San José, Costa Rica, since 1956

Waiting for the Cows To Come Home

On a quiet square in the center of San José, everything seems as it should be. Couples are chatting idly on benches. Office workers are hurrying back from lunch. In one corner, an attractive red façade announces itself as an art gallery.

A wrought-iron grill, like a cage, covers the entrance. In the middle of the urban jungle, a cow stares out through the bars.

It is “La Vaca Volcánica” (“The Volcanic Cow”), a work being crafted by artist Jorge Duarte ahead of the inauguration of CowParade San José March 27. With time running out, preparations are in full swing.

With its origins in Zurich, and having been held in cities such as London, New York, Sydney and Tokyo, the parade is “the largest public art event in the world,”

according to its official Web site, In San José, the event will see more than 120 life-sized fiberglass cows take to the streets of the capital, all in the name of culture.

Since early February, artists from around the country have been racing against the clock, given just one month in which to sculpt, mold and paint their cows.

Duarte, 52, who has been a painter for 25 years, feels privileged to be able to take part in the event.

“It is a great honor,” he said.

Sculptor Angel Lara is equally excited.

“I had always wanted to be involved with CowParade,” he said. “There were hundreds of entries, so it’s great to have the recognition of being chosen. It is a barometer for me as an artist.”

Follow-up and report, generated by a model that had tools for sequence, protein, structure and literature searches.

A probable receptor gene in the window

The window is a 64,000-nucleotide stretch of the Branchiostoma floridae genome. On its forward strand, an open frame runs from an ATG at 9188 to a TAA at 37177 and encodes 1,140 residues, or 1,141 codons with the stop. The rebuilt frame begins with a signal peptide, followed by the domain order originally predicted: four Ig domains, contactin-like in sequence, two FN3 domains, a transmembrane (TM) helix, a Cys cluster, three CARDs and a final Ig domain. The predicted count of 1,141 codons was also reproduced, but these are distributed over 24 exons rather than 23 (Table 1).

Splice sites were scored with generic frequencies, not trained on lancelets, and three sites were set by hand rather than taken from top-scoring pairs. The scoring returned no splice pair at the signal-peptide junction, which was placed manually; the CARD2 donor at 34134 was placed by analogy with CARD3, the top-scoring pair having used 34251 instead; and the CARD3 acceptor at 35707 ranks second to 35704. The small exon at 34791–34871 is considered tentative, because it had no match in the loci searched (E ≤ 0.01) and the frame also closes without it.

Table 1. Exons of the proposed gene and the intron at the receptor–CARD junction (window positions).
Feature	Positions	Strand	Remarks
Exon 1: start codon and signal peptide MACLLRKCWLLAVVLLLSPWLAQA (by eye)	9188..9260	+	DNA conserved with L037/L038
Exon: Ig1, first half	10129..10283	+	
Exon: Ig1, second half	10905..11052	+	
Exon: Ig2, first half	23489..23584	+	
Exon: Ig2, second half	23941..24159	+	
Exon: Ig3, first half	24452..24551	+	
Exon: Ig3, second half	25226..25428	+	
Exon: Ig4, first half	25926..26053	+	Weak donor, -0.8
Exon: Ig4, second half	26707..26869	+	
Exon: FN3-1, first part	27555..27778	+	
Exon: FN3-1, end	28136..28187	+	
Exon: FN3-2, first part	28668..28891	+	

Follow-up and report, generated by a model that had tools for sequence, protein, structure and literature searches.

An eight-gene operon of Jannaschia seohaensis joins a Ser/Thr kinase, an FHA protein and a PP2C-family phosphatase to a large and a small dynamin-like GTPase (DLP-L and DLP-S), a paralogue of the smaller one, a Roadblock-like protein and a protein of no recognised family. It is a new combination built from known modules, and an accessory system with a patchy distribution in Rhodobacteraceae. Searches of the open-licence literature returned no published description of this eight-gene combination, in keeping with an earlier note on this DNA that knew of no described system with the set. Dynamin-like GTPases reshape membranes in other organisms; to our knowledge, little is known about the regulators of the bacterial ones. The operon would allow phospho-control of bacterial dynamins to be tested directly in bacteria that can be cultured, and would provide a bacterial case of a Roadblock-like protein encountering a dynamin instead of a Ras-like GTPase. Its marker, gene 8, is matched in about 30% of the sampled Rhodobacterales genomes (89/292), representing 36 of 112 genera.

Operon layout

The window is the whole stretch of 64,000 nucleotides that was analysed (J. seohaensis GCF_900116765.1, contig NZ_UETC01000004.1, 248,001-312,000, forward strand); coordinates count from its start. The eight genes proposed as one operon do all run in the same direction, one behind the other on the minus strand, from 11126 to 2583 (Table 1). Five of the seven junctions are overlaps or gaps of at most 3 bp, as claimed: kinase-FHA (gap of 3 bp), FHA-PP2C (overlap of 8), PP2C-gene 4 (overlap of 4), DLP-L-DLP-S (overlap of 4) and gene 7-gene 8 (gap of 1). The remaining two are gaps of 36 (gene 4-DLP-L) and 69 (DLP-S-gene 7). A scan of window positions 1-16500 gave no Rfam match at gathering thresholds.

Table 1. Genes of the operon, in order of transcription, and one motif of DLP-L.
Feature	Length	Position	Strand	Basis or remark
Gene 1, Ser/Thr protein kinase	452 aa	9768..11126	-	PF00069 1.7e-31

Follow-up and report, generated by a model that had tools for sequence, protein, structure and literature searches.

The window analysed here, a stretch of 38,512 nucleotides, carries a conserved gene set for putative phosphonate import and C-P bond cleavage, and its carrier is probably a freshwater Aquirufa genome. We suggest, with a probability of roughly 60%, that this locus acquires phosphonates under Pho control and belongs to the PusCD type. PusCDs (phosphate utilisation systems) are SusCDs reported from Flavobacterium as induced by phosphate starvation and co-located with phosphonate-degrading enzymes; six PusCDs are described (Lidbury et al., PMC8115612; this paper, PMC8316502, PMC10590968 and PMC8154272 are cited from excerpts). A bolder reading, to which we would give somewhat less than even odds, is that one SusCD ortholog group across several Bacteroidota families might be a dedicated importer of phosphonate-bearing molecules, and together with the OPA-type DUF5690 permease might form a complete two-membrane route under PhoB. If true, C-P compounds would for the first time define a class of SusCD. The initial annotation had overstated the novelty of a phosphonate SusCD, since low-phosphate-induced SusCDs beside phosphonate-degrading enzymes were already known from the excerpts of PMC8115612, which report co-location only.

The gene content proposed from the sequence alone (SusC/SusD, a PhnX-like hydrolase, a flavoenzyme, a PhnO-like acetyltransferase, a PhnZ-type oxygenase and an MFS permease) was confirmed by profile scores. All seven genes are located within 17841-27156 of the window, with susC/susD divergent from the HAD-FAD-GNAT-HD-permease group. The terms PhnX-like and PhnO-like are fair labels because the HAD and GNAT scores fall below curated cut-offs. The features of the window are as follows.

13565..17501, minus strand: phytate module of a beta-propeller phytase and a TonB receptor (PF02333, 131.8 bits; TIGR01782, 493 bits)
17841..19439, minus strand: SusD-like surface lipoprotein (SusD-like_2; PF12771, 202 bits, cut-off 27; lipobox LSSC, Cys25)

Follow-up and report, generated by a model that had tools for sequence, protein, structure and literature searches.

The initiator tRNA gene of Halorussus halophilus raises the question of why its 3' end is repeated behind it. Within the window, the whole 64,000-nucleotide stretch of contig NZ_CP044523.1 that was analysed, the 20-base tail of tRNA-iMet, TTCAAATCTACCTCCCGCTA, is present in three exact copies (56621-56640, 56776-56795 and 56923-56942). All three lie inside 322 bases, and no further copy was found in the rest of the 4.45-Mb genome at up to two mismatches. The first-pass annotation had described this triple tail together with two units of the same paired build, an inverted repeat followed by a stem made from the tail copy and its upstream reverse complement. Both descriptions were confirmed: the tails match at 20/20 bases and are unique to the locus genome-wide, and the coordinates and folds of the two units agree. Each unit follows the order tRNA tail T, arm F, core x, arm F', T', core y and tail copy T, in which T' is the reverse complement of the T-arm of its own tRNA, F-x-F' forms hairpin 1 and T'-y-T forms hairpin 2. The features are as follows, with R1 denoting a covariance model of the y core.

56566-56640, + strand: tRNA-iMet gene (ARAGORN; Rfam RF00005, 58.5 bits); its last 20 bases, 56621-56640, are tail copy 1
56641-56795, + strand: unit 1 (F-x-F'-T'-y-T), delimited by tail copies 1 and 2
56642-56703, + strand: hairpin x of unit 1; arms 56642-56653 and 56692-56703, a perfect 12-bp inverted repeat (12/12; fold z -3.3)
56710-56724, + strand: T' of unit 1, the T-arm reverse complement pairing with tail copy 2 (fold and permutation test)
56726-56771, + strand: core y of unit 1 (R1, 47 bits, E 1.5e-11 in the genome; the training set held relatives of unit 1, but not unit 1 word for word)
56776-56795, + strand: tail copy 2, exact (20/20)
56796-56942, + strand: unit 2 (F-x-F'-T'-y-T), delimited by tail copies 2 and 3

Event organizer Vallas y Gigantografías received more than 600 applications for a cow from artists. According to Mariano Morelli, general manager of Vallas y Gigantografías, an international committee chose the winning designs based on their originality and creativity.

Lara’s piece, “La Vaca del Pasado” (“The Cow of the Past”), certainly fits those criteria.

With huge, proportionate wings, the cow grazes on computer chips rather than grass.

According to Lara, the piece makes a statement about the recycling and reuse of memory and knowledge, as well as materials such as memory chips, which retain so much  information and are not recycled, and the knowledge they contain is not reused once the computer is broken.

As for the wings on the cow, Lara said, “Only the pure of heart and really virtuous people have wings – wise and knowledgeable people. But knowledge is also in computer chips.”

Organizers suggested that artists incorporate a theme that is in some way Costa Rican in their designs. Landscape painter Duarte chose as his subject matter the popular tourist attraction of active Arenal Volcano, in north-central Costa Rica. The stylized image of the volcano on such an unexpected canvas seems to give a humorous yet salient commentary on the unreality of the tourist industry. This makes it a somewhat ironic piece, as part of the attraction of the event for authorities is that it encourages tourism.

“A city without art is a city without soul,” said San José Mayor Johnny Araya when it was announced that the event would be coming to the city (TT, Nov. 23, 2007).

“As part of his political philosophy, the mayor wants people to start walking through San José again,” Morelli explained. “Cow-Parade will help, as it attracts families, tourists and passers-by.”

San José is the first city in Central America to stage the parade.

The cows will be on display for a total of four months at five spots around the city: